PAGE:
Mining is an essential activity for the development of Bitcoin. The miners thus make it possible to validate the blocks of operations within the blockchain. The mining Bitcoin also allows the creation of new corners. Thus, miners receive a reward in Bitcoin for their work. Until now, mining has mainly been carried out in China.
Mining activities require very significant computing power. The Proof-Of-Work protocol , on which Bitcoin is based , is very energy intensive. To increase the profitability of mining, it is therefore important to reduce the energy bill. This is why the major mining players are located in countries which offer advantageous conditions in this field.
For the moment, China is one of those countries. It is even the country that hosts the majority of Bitcoin mining activities. It is currently estimated that 65% of mining is carried out in China. However, the situation is in being Evolu tion . The significant weight played by China in mining poses a problem for a crypto based on the decentralization of its system.
In addition, other countries are also starting to offer attractive energy prices for miners. This is the case for the Nordic countries, starting with Sweden and Norway, as a report published by the Bloomberg agency noted.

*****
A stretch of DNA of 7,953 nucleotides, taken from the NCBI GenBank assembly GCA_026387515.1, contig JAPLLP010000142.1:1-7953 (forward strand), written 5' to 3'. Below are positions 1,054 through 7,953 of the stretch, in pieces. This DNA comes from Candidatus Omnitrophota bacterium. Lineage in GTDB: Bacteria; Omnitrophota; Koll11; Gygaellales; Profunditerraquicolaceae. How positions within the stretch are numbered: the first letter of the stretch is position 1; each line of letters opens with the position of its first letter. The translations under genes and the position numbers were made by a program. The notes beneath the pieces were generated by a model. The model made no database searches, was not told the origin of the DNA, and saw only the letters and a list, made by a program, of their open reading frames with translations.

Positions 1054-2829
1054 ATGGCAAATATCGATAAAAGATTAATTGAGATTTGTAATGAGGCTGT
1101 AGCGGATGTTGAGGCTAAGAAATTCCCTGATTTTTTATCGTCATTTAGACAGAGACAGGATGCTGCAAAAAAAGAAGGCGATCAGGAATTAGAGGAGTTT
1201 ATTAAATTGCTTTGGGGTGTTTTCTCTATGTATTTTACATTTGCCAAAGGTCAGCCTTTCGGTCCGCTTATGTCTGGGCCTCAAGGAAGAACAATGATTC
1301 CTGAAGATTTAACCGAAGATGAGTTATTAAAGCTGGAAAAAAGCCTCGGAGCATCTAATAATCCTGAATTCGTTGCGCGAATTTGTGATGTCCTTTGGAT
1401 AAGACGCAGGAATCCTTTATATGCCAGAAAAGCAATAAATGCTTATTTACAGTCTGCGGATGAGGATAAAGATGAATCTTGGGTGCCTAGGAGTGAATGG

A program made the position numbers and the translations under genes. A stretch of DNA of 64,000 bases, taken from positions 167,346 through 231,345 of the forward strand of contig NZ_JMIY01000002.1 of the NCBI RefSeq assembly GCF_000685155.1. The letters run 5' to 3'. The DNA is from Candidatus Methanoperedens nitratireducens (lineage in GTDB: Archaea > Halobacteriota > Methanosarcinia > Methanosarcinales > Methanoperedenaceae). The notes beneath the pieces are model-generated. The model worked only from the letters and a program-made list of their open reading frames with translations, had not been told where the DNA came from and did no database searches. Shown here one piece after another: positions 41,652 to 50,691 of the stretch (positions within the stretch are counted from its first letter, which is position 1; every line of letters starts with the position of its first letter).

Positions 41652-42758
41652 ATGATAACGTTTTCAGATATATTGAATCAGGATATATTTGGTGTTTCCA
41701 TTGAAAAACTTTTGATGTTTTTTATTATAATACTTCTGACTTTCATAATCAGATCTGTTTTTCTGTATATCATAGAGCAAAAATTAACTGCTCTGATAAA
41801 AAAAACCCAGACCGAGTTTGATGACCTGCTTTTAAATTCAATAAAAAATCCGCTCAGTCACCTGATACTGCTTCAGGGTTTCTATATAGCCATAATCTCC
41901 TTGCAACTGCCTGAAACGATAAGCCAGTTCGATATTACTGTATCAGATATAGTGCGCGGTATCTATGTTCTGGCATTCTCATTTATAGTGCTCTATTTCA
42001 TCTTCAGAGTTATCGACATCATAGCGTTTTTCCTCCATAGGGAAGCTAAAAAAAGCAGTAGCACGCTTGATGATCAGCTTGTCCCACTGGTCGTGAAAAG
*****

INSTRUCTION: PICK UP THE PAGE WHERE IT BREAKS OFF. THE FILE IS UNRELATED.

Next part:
The Nordic countries are not particularly known for the low cost of their electricity. But in 2020, thanks to favorable weather conditions , these countries have returned to the forefront. In Sweden and in Norway, the year 2020 was the most moist and fresh for 20 years. This high rainfall made it possible to fully use the strong capacities of these countries in terms of hydraulic stations. So much so that the price of electricity has flirted with zero for long periods of time during the year. Electricity produced from renewable energy as well as its low cost have thus prompted many miners to relocate to these Nordic countries.
“There is a very important strategic change underway which sees the transfer of mining activities from China to countries like Sweden. “
Philip Salter, Head of Operations at Genesis Mining Ltd.
Overall, over the year, the average price of electricity in Sweden was three times cheaper than that in Germany. The cost of electricity in Norway was the lowest among the thirty countries that are part of the International Energy Agency. According to a study by the World Bank, a mining center would cost less to operate in Sweden and in Norway at the moment. The cost would be lower than in China, Kazakhstan or Mongolia, countries known for their mining activity.